If you want to get to know your neighbors, April 28 is your chance. By neighbors I mean the plants, animals, insects and fish that live in the urban forest at Rugar Woods.
That day the SUNY Plattsburgh Wildlife Club, led by ecology professor Danielle Garneau, is hosting its first community BioBlitz.
Unlike a census of the human population in an area, a bioblitz doesn’t count individuals. Instead a bioblitz logs the number of different species that are found in an area in a specific time period.
All members of the public are invited to join BioBlitz 2013 from 5:30 a.m. until 10 p.m. Participants are welcome for any part of the event and may stay all day to watch the tally of species grow.
Both professional and aspiring scientists will be on hand explaining what to look for and how to document what you find. Dr. Chris Wolfe, an anthropology professor, will be adding to the bioinventory with insights into what past events and activities may have influenced the Rugar Woods we see today.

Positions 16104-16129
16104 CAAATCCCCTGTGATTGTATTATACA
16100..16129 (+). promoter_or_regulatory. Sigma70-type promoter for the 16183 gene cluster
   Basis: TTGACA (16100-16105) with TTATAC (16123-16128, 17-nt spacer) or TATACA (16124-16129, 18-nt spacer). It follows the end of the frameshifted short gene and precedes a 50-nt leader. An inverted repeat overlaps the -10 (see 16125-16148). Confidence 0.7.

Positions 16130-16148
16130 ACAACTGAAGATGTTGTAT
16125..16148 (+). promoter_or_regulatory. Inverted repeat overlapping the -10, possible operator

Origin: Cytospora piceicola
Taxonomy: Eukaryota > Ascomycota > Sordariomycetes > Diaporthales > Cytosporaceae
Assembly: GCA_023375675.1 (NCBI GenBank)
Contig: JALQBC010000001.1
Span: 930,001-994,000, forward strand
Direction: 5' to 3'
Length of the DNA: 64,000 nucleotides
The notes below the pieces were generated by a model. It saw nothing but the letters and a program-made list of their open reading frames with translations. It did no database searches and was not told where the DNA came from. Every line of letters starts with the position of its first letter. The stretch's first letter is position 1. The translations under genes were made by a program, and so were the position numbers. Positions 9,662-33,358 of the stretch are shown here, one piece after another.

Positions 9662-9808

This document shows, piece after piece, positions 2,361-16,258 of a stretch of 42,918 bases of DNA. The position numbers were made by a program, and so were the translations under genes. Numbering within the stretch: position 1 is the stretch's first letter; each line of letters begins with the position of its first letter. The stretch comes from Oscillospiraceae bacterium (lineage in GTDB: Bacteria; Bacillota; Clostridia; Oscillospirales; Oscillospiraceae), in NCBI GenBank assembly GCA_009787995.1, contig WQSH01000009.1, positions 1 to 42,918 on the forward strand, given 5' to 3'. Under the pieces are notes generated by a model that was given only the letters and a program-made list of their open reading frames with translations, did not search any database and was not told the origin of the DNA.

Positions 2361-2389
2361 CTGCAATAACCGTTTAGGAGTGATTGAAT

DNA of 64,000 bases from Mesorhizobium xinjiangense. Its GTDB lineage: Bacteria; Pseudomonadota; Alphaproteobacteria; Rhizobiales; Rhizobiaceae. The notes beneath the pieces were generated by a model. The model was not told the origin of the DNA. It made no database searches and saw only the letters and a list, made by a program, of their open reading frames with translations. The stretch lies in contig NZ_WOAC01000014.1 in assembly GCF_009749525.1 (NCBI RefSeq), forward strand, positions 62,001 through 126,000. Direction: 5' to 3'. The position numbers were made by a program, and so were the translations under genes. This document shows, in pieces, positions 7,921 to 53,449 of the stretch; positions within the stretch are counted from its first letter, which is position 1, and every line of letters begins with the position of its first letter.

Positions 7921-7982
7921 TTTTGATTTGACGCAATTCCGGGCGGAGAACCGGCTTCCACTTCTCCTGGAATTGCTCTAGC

BioBlitz 2013 began as a way to develop a sense of stewardship among SUNY Plattsburgh students.
According to Rory O’Carroll, the Wildlife Club’s president, “Rugar Woods is a gem for students. It’s walking distance from campus and provides students with a great venue for outdoor research.”
With an interpretive trail and signage, wildlife viewing points and multiple natural communities, Rugar Woods is an important asset to the campus and to the surrounding city.
The BioBlitz is designed to become a family-friendly annual event. With environmental conditions changing for all living things, a periodic inventory may give Plattsburgh residents insight into trends that affect work, recreation and health.
The renowned scientist E.O. Wilson called a bioblitz “a wonderful treasure hunt, a scientific research project and a generally wonderful outing among people accomplishing something.”